Quality Forum Review: Increasing Safe Medication Disposal

The PQA Quality Forum Webinar is a regular, recurring series on healthcare quality topics with a focus on medication use and medication services. It is a forum for educating and engaging with PQA members and quality-focused healthcare professionals.

PQA’s April 21, 2022, Quality Forum welcomed a panel of experts to discuss the negative consequences of opioid over-prescription and their experience in dispensing in-home opioid disposal kits.

Mitchell Barnett, associate director of the Iowa Prescription Monitoring Program, opened the webinar by illustrating the growing opioid epidemic in the United States. Despite state-level differences, it is a national concern across all age groups.  Barnett identified four pillars to combatting this issue: prevention, education, treatment/recovery, and PMP utilization.

Opioid crisis: nationwideThe Iowa Department of Health partnered with a prescription monitoring program (PMP) to reimburse community pharmacists for dispensing at-home disposal kits with active counseling. Unlike other disposal methods, disposal kits chemically and permanently inactivate the opioid when mixed with the pills and water, so there is no risk of retrieval. At $0 copay, there were 7,506 fills across Iowa as of March 2022. The program benefited both patients and pharmacies as the kits allowed for:

  • Immediate disposal
  • No return trips
  • The opportunity for patient education
  • No additional security concerns for the pharmacy. 

Leslie Herron, owner of Sumpter Pharmacy in Iowa, was one pharmacy owner who participated in the program. Sumpter Pharmacy dispensed at-home disposal kits for post-surgical opioids and gradually expanded to interested patients. She now dispenses up to 100 packets per day.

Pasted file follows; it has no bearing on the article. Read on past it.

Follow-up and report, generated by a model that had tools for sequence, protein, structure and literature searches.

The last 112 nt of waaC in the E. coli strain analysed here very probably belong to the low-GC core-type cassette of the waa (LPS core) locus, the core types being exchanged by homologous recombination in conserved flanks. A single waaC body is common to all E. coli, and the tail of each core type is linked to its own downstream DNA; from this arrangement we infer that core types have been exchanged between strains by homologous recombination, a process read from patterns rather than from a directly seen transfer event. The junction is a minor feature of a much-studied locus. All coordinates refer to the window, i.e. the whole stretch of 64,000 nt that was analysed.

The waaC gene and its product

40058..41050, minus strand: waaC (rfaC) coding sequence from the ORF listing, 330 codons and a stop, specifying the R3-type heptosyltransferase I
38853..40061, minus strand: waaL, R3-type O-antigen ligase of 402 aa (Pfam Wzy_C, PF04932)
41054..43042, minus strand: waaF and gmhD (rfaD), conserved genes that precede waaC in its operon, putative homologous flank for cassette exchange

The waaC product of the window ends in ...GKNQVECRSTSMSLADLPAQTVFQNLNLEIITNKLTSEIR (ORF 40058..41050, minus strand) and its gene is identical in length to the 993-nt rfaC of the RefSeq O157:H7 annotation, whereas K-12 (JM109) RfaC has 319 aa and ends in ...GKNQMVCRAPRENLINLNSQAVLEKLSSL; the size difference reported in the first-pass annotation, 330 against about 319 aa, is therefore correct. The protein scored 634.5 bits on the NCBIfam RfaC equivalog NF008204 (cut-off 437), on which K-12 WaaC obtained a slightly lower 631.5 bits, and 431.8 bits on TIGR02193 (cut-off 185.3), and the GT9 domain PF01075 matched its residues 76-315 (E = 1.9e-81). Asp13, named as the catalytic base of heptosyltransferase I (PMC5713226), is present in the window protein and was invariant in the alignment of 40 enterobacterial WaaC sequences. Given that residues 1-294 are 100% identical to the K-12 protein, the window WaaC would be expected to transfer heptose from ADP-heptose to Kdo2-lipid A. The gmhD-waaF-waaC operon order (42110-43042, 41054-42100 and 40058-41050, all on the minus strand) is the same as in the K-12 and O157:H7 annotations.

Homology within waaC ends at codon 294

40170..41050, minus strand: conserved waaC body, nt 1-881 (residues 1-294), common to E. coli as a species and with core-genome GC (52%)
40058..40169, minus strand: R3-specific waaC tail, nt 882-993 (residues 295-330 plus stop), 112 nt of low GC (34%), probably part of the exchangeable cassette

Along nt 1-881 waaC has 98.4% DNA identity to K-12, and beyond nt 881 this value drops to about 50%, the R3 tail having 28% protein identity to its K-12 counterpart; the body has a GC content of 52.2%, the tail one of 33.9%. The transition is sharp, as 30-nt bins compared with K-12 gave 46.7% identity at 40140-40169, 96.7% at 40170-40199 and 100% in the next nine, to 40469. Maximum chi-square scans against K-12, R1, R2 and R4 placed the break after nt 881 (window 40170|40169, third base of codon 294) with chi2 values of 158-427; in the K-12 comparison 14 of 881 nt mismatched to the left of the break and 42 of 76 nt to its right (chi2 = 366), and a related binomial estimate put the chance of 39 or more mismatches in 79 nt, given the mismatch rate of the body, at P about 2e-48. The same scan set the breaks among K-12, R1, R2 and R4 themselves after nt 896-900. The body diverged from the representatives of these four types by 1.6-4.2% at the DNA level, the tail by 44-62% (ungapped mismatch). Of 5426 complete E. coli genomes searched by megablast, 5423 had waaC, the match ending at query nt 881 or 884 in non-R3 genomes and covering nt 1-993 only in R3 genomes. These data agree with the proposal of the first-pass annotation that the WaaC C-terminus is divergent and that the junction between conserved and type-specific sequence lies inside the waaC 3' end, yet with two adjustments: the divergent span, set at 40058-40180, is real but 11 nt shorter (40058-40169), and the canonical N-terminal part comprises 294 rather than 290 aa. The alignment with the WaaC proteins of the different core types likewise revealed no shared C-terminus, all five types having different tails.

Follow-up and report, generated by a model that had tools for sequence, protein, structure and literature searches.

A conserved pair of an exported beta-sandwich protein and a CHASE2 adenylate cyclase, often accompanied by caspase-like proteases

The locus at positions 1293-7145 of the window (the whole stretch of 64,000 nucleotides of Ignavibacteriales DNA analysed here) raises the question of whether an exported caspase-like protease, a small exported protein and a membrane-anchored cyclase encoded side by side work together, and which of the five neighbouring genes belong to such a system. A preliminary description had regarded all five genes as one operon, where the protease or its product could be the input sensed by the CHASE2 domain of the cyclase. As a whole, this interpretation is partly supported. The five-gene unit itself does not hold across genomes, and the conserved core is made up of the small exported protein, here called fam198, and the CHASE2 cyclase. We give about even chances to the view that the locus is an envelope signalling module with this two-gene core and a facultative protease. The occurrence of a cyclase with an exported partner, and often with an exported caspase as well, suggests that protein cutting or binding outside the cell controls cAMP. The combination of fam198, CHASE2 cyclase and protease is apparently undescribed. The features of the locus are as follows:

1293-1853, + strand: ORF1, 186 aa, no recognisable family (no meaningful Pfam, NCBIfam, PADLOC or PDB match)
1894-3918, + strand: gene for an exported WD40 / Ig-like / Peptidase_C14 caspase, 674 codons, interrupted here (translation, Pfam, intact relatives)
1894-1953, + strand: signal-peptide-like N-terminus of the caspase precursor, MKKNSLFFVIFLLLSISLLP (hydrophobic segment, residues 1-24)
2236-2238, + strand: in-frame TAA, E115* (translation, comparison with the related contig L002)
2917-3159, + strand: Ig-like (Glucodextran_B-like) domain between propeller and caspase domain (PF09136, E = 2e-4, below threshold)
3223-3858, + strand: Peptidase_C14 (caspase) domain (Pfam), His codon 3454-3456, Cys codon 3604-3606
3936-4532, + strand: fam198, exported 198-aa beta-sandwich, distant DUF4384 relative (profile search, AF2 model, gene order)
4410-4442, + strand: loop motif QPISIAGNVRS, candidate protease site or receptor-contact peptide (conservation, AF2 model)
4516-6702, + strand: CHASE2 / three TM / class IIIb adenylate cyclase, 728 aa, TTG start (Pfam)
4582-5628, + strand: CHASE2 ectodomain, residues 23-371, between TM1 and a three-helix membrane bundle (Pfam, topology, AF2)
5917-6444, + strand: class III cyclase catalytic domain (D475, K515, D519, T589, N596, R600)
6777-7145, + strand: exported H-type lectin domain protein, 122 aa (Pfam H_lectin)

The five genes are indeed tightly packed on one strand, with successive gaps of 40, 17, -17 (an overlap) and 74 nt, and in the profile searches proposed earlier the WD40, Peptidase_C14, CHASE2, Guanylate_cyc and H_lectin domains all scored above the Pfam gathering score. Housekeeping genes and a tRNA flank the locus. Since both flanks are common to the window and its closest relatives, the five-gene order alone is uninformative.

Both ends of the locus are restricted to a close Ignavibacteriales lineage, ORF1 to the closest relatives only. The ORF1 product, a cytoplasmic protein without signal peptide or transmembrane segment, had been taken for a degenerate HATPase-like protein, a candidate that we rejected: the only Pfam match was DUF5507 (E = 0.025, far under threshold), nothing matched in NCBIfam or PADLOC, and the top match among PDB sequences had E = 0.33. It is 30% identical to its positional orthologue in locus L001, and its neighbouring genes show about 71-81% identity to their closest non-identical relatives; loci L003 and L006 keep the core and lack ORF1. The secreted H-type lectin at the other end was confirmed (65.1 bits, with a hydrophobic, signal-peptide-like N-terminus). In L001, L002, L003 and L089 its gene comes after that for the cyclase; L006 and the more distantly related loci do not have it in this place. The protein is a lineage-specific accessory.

Herron found the service generated a “tremendous amount of good PR in the community” and provided an opportunity to engage current patients and attract new ones. The service brought in an additional $5,000 in monthly revenue and facilitated discussions about naloxone use with patients. She noted that employee satisfaction has significantly improved since the implementation of this service, and she advised energizing staff through friendly contests.

John M. Edwards, acute pain service co-director at Baptist Health Lexington, presented his findings from a systematic literature review on the use of in-home opioid disposal products to enhance post-surgical disposal. He found that death by opioid overdose climbed from approximately 130 to 275 people every day in the United States in the past two years, with the primary source of diversion being leftover medications. The number one barrier to opioid disposal was the desire to save the medications for future use.

Manuscript HighlightEdwards’s review also found a positive correlation between the provision of standard opioid disposal products with active education by a healthcare facility and increased motivation of post-surgical patients to dispose of leftover opioids.  There was an increase in disposal rates, preference and satisfaction among patients when using in-home disposal products over other disposal methods.

Edwards assisted in setting up an opioid disposal program at the outpatient retail pharmacy at Baptist Health Lexington by leveraging savings from a 340B Drug Pricing Program. The facility provided an in-home disposal product to post-surgery patients with every filled opioid prescription through the Meds to Bed program.

Edwards recommends four strategies for opioid disposal:

  • A disposal product for patients to dispose of unused post-operative opioids such as a Deterra bag, a DisposeRX pouch, an Opioid Waste Management Disposal Kit, or a Ziploc bag with coffee grounds with every filled opioid prescription.
  • Education on safe use, storage, and how to dispose of unused opioids.
  • One-on-one consultation with a healthcare provider preoperatively about what to do with unused opioids postoperatively, specifically addressing opioid disposal.
  • A post-operative follow-up plan, implemented by a healthcare provider at a follow-up appointment to address unused opioid disposal.

All three experts concluded with the importance of countering the opioid epidemic in the United States with in-home drug disposal products and encouraging pharmacies and patients to try them.

You can listen to the full recording of this Quality Forum Webinar, a one-hour presentation with audience Q&A, on PQA’s YouTube channel. PQA members can access the presentation slides in the Member Resources Library.

Fay Hussain, a Class of 2024 Doctor of Pharmacy student from the University of South Carolina, is a PQA Summer Executive Intern sponsored by Pharmacy Quality Solutions.

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